For the fifth edition of ArcTanGent, the organisers had kept everything that had made previous years successful – a strong and eclectic line-up, staggered stage times, decent local beer, great food vendors, etc – and added some improvements – a bigger ‘small’ tent, additional camping space, acoustic sessions and they even ordered slightly better weather. A very well organised festival with a friendly atmosphere and helpful staff, throughout the whole weekend it was evident that each band was happy to be playing this event and this was reciprocated by the fans.
Only two of the four stages were open on Thursday and no bands overlapped, meaning that if you wanted to watch all fourteen bands then you could, but following setting up camp and getting my bearings I had missed the first few. This meant that the first band I was able to see was Town Portal, a three-piece math-rock band from Copenhagen. Even with having recently got into The Occident, I was surprised by how much chunkier and heavier they are live than on record – they sounded a lot more like Dysrhythmia than I had anticipated and were a warm welcome to the weekend.
Electro-rock trio Gallops got the early crowd dancing to their proggy sound of synth interwoven with guitars, especially during the huge crescendo of “Shakma”. A few technical problems in the build up to one of their songs didn’t affect the band too much, or the happy crowd, and these were thankfully sorted for the pounding bass and swelling synth soundscapes of “Darkjewel”.
With a very summery and ‘nice’ take on math-rock, Totorro put on an inoffensive and upbeat performance but were just a bit too jangly for my liking. They did make liberal use of a cowbell and also managed to get a large portion of the crowd to conga dance, so there is that. New Jersey’s Vasudeva have their reasons but the conspicuous lack of a live bass player, with a pre-recorded backing track played through a bass cab instead, was slightly off putting. Nevertheless, the two guitarists, who chewed on their picks more than they used them, tapped out elaborate melodies with lashings of reverb and echo.
I saw Heck at last year’s ArcTanGent and having not been all that impressed I watched a bit of their last ever live show from the boundary of the PX3 tent and decided that for all the energy and gusto on display, I wasn’t really missing much. Thankfully, having fuelled up on pizza I was ready for Cardiff’s premier acerbic noiseniks Future Of The Left, who played a faultless mix of tracks old and new (and McLusky). In a live setting, you really notice that
Future Of The Left have a musicianship and tightness that slightly contradicts their seemingly stripped back and raucous songs, even with the guitarists only having about three strings each. Andrew Falkous’ sharp and distinctive lyrics on fan favourites such as “Arming Eritrea” and “You Need Satan…” drew plenty of laughs and many shout-a-longs from the crowd throughout their set. Midway through the band reduced down to just keys, bass and drums for the fun and uncomplicated “Manchasm” before Future Of The Left closed their set with a couple of faster and heavier McLusky songs, “Lightsabre Cocksucking Blues” received a rapturous response from those that hadn’t already started to making their way to get a spot for Nordic Giants.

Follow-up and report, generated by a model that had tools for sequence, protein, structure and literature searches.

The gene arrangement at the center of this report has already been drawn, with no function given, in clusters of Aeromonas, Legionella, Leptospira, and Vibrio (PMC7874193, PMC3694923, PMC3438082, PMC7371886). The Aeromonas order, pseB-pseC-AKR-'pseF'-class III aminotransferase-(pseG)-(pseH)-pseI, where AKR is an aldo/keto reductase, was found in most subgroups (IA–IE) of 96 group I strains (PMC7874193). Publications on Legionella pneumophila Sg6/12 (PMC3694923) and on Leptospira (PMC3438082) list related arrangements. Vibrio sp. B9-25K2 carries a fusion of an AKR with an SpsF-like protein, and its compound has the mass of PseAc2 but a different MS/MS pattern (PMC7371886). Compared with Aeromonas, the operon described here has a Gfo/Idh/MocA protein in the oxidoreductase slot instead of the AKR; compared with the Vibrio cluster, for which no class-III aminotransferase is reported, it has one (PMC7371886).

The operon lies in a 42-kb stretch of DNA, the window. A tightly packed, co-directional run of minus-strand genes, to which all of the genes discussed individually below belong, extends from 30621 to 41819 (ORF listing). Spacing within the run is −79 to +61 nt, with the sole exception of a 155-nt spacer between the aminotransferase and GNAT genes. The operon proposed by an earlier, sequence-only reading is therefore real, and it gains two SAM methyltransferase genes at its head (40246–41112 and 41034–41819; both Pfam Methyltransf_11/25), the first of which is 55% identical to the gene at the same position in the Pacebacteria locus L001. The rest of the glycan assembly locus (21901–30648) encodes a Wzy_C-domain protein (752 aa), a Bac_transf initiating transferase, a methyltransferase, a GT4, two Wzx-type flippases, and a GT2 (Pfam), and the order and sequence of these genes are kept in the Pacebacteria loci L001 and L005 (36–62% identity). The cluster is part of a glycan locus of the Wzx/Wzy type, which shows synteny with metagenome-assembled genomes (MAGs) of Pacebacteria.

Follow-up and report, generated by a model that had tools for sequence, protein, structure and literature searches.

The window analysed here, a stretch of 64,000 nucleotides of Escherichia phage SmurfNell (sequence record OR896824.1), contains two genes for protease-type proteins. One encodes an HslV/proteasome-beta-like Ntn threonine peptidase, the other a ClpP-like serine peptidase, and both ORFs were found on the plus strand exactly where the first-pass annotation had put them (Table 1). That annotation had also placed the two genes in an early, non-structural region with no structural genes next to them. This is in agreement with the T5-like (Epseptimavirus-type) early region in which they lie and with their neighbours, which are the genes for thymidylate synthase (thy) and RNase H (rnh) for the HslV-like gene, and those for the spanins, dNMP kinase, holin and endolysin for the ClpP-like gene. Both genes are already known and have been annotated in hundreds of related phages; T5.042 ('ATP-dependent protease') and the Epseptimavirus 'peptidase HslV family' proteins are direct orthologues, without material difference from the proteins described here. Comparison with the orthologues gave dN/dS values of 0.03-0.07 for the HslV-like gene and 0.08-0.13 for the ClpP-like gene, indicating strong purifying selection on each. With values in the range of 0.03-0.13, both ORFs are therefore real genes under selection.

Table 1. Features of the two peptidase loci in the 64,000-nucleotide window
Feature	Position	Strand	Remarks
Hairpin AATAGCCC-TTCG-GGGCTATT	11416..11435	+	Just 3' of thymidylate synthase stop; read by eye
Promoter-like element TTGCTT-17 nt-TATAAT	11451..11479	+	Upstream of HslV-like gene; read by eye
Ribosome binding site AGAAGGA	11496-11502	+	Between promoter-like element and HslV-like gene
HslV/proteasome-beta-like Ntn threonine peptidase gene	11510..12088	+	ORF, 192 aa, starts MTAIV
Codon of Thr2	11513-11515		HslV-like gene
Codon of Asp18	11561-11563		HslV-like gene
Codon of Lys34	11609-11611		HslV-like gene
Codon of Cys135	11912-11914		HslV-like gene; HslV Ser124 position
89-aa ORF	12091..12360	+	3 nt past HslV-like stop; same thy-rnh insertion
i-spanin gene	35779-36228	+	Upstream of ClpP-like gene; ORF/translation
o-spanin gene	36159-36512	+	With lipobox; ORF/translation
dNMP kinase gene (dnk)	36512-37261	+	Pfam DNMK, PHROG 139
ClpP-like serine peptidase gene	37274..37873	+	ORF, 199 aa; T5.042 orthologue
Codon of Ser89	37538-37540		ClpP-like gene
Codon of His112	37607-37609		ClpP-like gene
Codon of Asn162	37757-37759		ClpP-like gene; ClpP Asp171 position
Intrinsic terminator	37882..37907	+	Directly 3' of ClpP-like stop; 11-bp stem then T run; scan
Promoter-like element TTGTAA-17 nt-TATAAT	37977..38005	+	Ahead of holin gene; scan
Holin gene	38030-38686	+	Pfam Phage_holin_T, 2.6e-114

As always, visceral instrumental post-rock duo Nordic Giants played to a backdrop of dark, peculiar and funny short films that included the anxiety-inducing The Last Breath, which suited the track “Through a Lens Darkly” perfectly, and Carl E. Rinsch’s odd sci-fi short The Gift. Wearing their usual feathered headdresses, the multi-instrumentalists utilised keyboards, a violin bow on a guitar and drums with a sample board array to create a mesmerizing and cinematic experience. As I really didn’t want to be on the periphery for Russian Circles I was pretty disappointed to leave Nordic Giants’ enthralling set but with the Yohkai tent already filling up I had to make a move.
Walking onstage with a quick nod and an understated wave to the crowd, Thursday’s headliners Russian Circles launched straight into “309” from 2011’s Empros and immediately the power trio sound huge. The focused Mike Sullivan barely moved for over an hour and when he did it was to trigger pedal effects that looped and layered guitar parts, allowing him to play heavy riffs and sweeping lead parts simultaneously.
The thunderous, driving low-end produced from Brian Cook as he thrashes his bass around, Dave Turnkrantz’s pounding drums and Sullivan’s chunky riffs would only get them so far without the balance the band strike between these and the more melodic and lighter moments. These peaks and valleys flowed well throughout their 75-minute set but the band were let down slightly by the sound in the Yohkai tent not quite being perfect for some of their set – there were points where Sullivan’s heavily distorted riffs drowned out the intricacies of the others’ work. There were times that the sound was much clearer, for example, the snare rim shots during the breakdowns in “Afrika” and “Harper Lewis” stood out well.
Sound niggles aside, this was definitely a headlining performance from the Chicago trio, with a light show to match, and a great way to end ArcTanGent 2017’s first day.